Did you notice that terrifying dead people artwork? You can't stop staring at it now.

Deathmatch for dollars
But there's a better option than open-world killing for skilled gamers looking to make a buck in the game. Nothing is left to chance in the deathmatch free-for-all arenas located in the game's Hub section. Pay your entry fee to spawn onto the map, and collect money on every kill you get. There are 6 brackets to play in—ranging from the poor-man's pennies club to the high rollers table—but the ratio of rewards remains the same: each kill nets you 80% of the entry fee. If you can maintain a 2:1 kill ratio, you'll be turning a profit.

I started off in the lowest bracket while I learned the game's mechanics. Each spawn cost 25 PEC (2.5 cents), and each kill earned me 2 cents' worth of tokens. The most expensive map charges $1 for each spawn, and grants 80 cents per kill. Kills are rewarded to whoever dealt the most damage, not whoever got the final hit—a fair system that prevents kill-stealing. Netting my first few kills felt amazing—I watched my token count rise knowing that I'd just earned a nickel. It wasn't big money, but having something real on the line made the battles more intense and more interesting.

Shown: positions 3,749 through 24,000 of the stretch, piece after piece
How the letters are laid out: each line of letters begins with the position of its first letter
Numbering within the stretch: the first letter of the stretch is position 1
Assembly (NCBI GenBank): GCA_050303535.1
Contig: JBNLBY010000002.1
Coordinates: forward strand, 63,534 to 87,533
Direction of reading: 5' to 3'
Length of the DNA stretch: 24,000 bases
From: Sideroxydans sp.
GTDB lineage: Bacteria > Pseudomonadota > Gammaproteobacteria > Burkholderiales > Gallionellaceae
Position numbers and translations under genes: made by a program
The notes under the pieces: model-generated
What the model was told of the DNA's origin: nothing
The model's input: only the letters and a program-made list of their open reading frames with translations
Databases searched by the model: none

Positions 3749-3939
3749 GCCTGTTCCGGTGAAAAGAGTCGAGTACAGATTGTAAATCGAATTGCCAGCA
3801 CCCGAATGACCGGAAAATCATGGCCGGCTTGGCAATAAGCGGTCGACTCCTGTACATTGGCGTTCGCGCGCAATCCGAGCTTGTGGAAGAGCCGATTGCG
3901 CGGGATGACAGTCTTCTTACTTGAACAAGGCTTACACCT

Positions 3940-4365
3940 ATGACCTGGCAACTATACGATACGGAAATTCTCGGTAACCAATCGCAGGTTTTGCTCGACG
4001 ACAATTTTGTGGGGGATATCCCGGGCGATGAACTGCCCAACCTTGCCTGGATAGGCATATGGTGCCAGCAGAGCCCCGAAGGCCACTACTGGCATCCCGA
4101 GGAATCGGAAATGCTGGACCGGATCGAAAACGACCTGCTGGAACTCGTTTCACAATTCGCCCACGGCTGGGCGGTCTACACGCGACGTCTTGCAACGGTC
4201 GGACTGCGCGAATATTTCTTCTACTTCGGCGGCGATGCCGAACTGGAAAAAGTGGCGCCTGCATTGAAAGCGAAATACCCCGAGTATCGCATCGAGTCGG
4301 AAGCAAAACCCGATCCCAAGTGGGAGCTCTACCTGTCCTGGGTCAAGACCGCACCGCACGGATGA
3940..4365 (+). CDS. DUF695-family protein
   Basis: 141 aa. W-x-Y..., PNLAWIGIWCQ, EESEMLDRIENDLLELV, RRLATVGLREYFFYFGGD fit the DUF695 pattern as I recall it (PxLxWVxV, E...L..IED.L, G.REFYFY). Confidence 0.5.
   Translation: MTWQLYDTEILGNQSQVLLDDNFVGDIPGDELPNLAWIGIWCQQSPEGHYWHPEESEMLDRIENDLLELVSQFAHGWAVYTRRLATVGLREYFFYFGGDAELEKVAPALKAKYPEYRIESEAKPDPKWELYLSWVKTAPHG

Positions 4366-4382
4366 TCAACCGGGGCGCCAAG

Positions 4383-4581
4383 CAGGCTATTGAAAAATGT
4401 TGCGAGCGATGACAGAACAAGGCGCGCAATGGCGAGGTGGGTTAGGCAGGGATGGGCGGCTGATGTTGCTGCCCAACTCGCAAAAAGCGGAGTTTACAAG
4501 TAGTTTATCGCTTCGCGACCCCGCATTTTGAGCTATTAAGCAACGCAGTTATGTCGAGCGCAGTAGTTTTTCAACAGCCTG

This guy is clearly not interested in making money today.

And that's good, because Cyrene needs something to keep the combat interesting. The gunplay—core to any FPS—is weak. Weapon targeting and player movement both felt floaty and just a tiny bit delayed. My shotgun created a burst of smoke in a general area where the bullets hit, but the lack of projectile paths, weapon recoil, reloading animations or environmental response all made the combat feel clunky and hard to read.

Navigating the awkward combat was made even more difficult by the game's insane control scheme. E is jump, C is rotate right, and the space bar toggles the cursor for UI control (which removes your ability to aim). Many a death was caused by tapping space bar mid-fight to jump and instead stopping my character in his tracks, letting the enemy line up an easy shot. This is something you'll be able to overcome in time, but is definitely disorienting on day one.

The spoils of war.

Balance is key